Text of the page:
Pete Winfrey and Sigrid Wise are sympathetic and resolute as Cates and Rachel Brown, Cates' love interest and the local minister's daughter. Winfrey capably demonstrates the teacher's personal conflict and sometimes wavering commitment to the cause of education. Once certain, his determination and willingness to stay the course play out through small but important choices. In contrast, Wise is visibly less certain and, while loyal to Cates, she initially pushes him to give up the cause, though her emerging sense of independence is a refreshing touch, considering the period. Susie Wall, Kim Furlow, Michael Brightman, Michael Ferguson, Thomas Schartner, B.F. Helman, and Kent Coffel stand out in supporting roles, creating well-motivated and clear characters. The rest of the ensemble comports itself capably, including Chloe Haynes, Christopher Strawhun, Kurt H. Knoedlelseder, Charles Heuvelman, Matthew Luyber, Don Krull Paul Balfe, Todd Roth, Nicholas J. Hearne, Genevieve Rose Collins, Tommy Nolan, Jennifer Blomstrom, and Kyle Twomey. Many of them have small but not insignificant moments.
Kyra Bishop's set works well, with small fly-ins and details that add to the thematic focus but are quickly changed out, and is complemented by lighting design from Sean Savoie and sound design by Brett Harness, under technical director Joshua Noll. Finally, the costumes by Tracey Newcomb-Margave quickly establish the period, setting, and class status of the characters, with small touches and finer fabrics used to distinguish the more fortunate from those struggling to make it.
In a political season, a play like Inherit the Wind, running through August 28, 2016 at Insight Theatre Company, serves to remind us that our vote often has ramifications that extend well beyond a politician's name or party affiliation. Our response to the challenges that face our country impacts society on every level, including the education of future generations. This stirring production presents a fresh, engaging, and well-performed case for education, helmed by two of our most persuasive stage veterans.
Stray Dog Theatre sinks its teeth into the quirky musical Bat Boy, a tabloid-inspired show with a big message on love and tolerance, and it's deliciously different and entertaining. The fast-paced, energetic production tells of a mysterious half-human, half-bat boy found in a cave near a small town in West Virginia. The townsfolk are scared and frightened because he is such a different creature, and the creature is scared and frightened by the townsfolk and his unfamiliar surroundings. Throw in an insatiable appetite for blood, and you've got a humorous mix of teen drama, vampire myth, and tabloid-fueled hijinks guaranteed to entertain.
The captured boy is taken to the home of Dr. Thomas Parker, the local veterinarian, with the assumption that the good doctor will "put the creature down" and end the misery his existence causes. But, for reasons not immediately clear, the doctor can't bring himself to kill the boy, and soon he, his wife and daughter are spending their time working to educate and civilize the creature so that he can join the community. Given the name Edgar, the bright boy is soon dressing dapper and speaking with a comically proper British accent.
He still has troubles controlling his desire for blood and resisting the urge to attack when emotionally threatened, but Edgar's sincere desire to join the community and to be accepted for who he is, is poignant and effective. Unfortunately, the town is not as accepting as the family. Tensions escalate when locals begin dying mysteriously, a fact complicated by the town's questionable decision to try to raise cattle on inhospitable land. Soon Edgar and his sister are fleeing into the cave pursued by an angry mob, Dr. Parker is behaving quite suspiciously, and Mrs. Parker is putting all the pieces together and fighting like hell to protect her family.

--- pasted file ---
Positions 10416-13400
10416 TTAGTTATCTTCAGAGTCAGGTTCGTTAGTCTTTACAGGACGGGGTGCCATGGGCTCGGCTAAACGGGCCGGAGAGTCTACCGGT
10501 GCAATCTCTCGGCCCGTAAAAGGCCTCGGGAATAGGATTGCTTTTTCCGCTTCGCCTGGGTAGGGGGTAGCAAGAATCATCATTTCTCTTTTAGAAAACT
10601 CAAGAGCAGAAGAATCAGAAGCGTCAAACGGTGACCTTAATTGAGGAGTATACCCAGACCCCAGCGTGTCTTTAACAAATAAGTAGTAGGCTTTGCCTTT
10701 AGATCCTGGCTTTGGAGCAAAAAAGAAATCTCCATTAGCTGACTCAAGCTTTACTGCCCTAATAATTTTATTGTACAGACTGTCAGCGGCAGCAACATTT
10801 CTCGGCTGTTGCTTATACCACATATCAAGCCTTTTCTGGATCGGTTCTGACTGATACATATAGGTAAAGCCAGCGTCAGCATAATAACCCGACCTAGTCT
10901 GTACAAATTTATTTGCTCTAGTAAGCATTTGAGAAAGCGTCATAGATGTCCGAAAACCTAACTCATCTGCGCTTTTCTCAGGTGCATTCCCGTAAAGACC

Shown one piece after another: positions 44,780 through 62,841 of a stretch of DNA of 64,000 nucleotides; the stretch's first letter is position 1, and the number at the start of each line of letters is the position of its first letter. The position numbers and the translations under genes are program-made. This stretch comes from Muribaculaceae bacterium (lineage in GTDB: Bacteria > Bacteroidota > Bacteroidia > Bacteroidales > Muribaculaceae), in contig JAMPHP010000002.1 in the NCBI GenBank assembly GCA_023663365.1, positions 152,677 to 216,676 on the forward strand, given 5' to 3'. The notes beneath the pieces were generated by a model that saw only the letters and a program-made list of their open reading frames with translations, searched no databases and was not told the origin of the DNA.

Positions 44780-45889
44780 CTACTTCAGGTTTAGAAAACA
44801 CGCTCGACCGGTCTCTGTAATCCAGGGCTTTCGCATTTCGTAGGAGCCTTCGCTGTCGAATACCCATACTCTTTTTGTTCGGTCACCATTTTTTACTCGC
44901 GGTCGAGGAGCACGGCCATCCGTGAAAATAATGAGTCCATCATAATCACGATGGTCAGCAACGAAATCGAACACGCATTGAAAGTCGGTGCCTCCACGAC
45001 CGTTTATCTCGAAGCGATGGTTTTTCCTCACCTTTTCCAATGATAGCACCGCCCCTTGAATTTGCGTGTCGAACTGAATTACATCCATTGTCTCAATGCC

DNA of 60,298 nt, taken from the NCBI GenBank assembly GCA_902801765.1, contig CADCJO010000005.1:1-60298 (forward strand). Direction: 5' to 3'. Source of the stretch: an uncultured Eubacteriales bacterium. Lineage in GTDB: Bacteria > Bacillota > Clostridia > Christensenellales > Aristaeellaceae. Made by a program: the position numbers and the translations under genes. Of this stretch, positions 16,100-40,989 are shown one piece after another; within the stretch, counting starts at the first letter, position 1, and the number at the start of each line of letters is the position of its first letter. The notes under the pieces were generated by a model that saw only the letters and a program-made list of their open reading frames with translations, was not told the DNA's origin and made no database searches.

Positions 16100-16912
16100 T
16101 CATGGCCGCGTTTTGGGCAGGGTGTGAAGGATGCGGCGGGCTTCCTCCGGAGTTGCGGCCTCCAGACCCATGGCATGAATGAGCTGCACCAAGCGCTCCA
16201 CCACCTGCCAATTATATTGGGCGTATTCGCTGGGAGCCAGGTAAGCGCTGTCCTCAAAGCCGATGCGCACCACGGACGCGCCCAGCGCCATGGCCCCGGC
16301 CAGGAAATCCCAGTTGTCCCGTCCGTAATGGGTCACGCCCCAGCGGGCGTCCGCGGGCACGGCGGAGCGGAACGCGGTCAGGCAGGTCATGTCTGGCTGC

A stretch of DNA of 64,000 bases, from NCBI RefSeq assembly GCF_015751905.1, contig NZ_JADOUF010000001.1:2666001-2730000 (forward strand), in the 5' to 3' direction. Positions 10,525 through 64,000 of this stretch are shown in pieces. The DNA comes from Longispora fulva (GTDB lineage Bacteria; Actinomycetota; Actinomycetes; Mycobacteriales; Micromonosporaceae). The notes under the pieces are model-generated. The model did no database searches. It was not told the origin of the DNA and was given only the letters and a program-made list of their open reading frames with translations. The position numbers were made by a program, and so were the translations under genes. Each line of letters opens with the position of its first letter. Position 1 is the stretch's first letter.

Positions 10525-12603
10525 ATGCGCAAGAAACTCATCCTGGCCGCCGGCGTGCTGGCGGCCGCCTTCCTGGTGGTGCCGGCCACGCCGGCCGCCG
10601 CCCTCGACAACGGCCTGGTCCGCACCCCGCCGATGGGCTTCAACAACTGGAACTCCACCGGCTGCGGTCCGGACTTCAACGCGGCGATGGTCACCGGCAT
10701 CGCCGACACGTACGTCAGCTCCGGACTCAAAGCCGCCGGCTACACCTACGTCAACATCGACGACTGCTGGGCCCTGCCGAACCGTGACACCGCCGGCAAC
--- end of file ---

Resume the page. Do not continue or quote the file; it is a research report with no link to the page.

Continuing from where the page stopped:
Corey Fraine is mesmerizing as Edgar, the Bat Boy. From his acrobatic leaps and turns across the stage to his polite Christopher Robin-esque sense of curiosity, he embraces his character and asks only to be embraced in return. Drawing from both B horror movie and comedy of manners influences, Fraine is by turns vulnerable, aggressive, and charming, and the plaintive tone of his voice is effectively tender in a number of songs.
Angela Bubash and Dawn Schmid are by turns effervescent, coy and stubborn as daughter Shelley and mom Meredith Parker, with strong voices that add richness to the numbers. Patrick Kelly is a jealous, villainous dad, with a squeaky clean exterior and desperate love. The supporting cast has the appropriate vocal and comic chops to create distinct, entertaining characters, and Colin Dowd, Tim Kaniecki, Michael A. Wells, Lindsay Jones, and Sara Rae Womack are memorable in several scenes.
Though inspired by an over-the-top piece of tabloid journalism, Bat Boy The Musical speaks to contemporary themes and problems we face in society today.. Using a clever script that mixes references to Frankenstein and vampire mythology with nods to My Fair Lady and countless makeover romantic comedies and pop culture humor, the show encourages us to be more understanding, and to seek commonalities among those who stand out from the crowd, no matter why. Director Justin Been directs the show using as much of the theater space as possible, adding surprising moments while maintaining a focus on the story. Robert J. Lippert sets the tone with a massive cave-like set that features the band on a raised level, and is complemented by Tyler Duenow's lighting design. Strong arrangements by music director Chris Petersen keep the focus on the theme, while Mike Hodges' choreography takes advantage of every corner of the stage with humorously effective dances that understand the size and scope of the venue.
There's a real message about tolerance and understanding at the heart of Bat Boy: The Musical, running through August 20, 2016 at Stray Dog Theatre, perhaps the catchy songs, warm humor, good-natured excess, and inspired performances of this tabloid-take on the theme will help the message sink in. I would like to think it's a show and message Jay V. Hall would enthusiastically support, I both missed and felt his smile and presence throughout the entire performance.